Stewardship of the Body
At King of Kings Lutheran Church we’ve talked about the weight problems in existence today because of all the yummy food put before us daily. Walking the path of a healthy life isn’t easy. Television commercials show slimmed-down men and women praising weight loss programs while showing their old jeans now six sizes too big. Images of yummy foods follow, promising viewers they can eat and still lose weight—if they are willing to pay out money and not budge from the programs.
Many of our church activities are centered on food. You’ve heard the old Lutheran adage: “Meet and eat!” Food is a gift provided to us by God to enjoy and to sustain our physical bodies. And boy, do we sustain those bodies! God created in us both a need for food and the capacity to enjoy the pleasure of food. Bible stories like the feeding of the five thousand, the wedding at Cana, and the Last Supper all center on food or celebrations involving food. The problem comes when we overeat and allow that to control or harm us.
When used properly, food should satisfy our bodies’ needs. The problem is when we overindulge after we are no longer hungry. When we look to food to comfort us, soothe our emotions, solve our problems, or make us happy, we are placing food foremost before God.
As Christians, many of us are destroying our bodies with excesses. Paul calls our bodies the “Temple of the Holy Spirit.” He teaches that we do not belong to ourselves, that we have been bought with a price. Therefore, our bodies belong to God. God’s goal is that we should glorify Him with our bodies.
Paul, in Romans 6:12-14 challenges us to present the members of our bodies as “instruments of righteousness to God.” How do we do that?
We all have a requirement to care for our bodies. This includes taking good care of our time, talents, resources and finances as well as our bodies. Our gracious Creator fitted each of us with an amazingly complicated yet marvelous working collection of limbs, organs and brain cells for which we are to observe reliable care. There is fundamental value in taking good care of our bodies and our brains.
A huge percentage of the strain on our healthcare system is the result of people suffering the consequences of poor eating habits and lack of exercise. The quality and quantity of life depends in-large-part on regulating (or in some cases, obliterating) the intake of substances such as food, smoke, alcohol and drugs; and the fitness for the work of the church depends in some part on exercising for (at least minimal) physical fitness.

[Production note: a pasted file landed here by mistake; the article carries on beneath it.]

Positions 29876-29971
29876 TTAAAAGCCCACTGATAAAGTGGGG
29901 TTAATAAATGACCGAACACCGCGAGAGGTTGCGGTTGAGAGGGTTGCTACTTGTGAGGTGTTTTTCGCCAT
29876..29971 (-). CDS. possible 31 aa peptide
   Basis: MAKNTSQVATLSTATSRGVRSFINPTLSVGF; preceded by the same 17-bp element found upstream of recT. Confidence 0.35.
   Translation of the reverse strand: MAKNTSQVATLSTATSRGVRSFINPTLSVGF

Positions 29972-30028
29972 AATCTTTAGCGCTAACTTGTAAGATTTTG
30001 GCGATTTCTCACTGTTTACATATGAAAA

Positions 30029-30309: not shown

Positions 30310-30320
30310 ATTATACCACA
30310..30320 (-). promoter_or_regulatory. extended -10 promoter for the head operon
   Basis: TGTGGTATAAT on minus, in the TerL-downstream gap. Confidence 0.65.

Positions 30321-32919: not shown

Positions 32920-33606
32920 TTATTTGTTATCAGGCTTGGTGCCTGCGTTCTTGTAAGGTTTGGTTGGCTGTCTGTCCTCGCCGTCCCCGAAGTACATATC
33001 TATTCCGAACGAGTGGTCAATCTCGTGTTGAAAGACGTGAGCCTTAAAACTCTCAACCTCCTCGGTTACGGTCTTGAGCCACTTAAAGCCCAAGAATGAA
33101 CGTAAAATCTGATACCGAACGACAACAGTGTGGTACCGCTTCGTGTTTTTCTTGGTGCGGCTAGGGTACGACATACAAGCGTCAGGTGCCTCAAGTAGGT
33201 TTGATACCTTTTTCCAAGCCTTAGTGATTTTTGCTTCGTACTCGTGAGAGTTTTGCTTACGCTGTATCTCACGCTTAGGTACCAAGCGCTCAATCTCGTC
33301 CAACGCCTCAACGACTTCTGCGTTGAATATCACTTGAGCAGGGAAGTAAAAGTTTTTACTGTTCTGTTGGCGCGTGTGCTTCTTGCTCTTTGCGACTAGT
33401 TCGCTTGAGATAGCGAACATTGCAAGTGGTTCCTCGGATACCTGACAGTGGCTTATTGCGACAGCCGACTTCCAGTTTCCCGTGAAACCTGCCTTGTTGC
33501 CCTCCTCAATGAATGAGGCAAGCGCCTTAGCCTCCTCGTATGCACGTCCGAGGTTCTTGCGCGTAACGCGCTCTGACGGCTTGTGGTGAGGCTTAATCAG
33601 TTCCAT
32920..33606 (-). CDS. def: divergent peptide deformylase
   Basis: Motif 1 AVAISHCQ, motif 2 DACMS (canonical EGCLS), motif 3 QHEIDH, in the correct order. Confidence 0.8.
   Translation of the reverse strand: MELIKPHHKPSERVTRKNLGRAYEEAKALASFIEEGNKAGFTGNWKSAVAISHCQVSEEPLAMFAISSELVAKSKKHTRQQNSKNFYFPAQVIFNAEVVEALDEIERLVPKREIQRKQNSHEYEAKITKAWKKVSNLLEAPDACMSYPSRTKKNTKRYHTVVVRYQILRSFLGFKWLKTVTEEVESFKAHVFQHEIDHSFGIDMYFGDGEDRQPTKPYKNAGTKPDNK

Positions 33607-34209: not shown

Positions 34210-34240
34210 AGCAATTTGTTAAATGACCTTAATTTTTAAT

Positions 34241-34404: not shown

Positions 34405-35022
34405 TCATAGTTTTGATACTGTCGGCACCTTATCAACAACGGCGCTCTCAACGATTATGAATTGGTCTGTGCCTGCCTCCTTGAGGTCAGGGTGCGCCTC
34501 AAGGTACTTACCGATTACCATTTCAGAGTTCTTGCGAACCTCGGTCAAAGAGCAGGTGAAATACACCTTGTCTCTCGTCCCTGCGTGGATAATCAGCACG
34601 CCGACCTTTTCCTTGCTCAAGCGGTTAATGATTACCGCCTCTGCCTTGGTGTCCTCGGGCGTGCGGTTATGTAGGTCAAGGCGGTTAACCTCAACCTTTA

When we exercise faithful stewardship over our physical selves, we show our thankfulness to God for our bodies. And we’ll more fully realize the wholeness God intended for our life on earth. In practical terms this means we have a scripturally- based, God-given responsibility to take the best care possible of our bodies. If we don’t, we mistreat one of God’s greatest and most personal gifts to us.
Paul’s advice in 1 Corinthians 6:19: “or do you not know that your body is a Temple of the Holy Spirit within you, which you have from God, and that you are not your own?” If that’s not a mandate for stewardship, what is? He also said: “For you were bought with a great price: therefore glorify God in your body.” (1 Corinthians 6:20).
Changing our eating and exercise habits isn’t easy, but with the help of God, it can be done. Abusive habits are poor stewardship of the body and it is poor stewardship of one’s financial resources.
Through Christ, God tells us that His spirit will dwell in our bodies, His Temple. This means our flesh and blood is an earthly dwelling place for the Spirit of God. “Don’t you realize that all of you together are the house of God, and that the Spirit of God lives among you in His house? If anyone defiles and spoils God’s home, God will destroy him. For God’s home is holy and clean, and you are that home.” (1 Corinthians 3:16-17)
We read in the Old Testament about the tabernacle and the Temple of Solomon. They are described as the dwelling place for the Spirit of God. What an overwhelming privilege and responsibility we have to house the Spirit of God. The fact that God dwells in our bodies is reason enough to keep our bodies physically fit and, like the Temple of Solomon, a suitable place to show honor and glory to Him. Most Christians are obedient to God’s spiritual laws but many fail to glorify with their bodies.
Some things we can do to protect our “temples”:
- Start by eating properly
- Stay away from fad diets
- Actively exercise
- Do things you enjoy doing
- Have fun!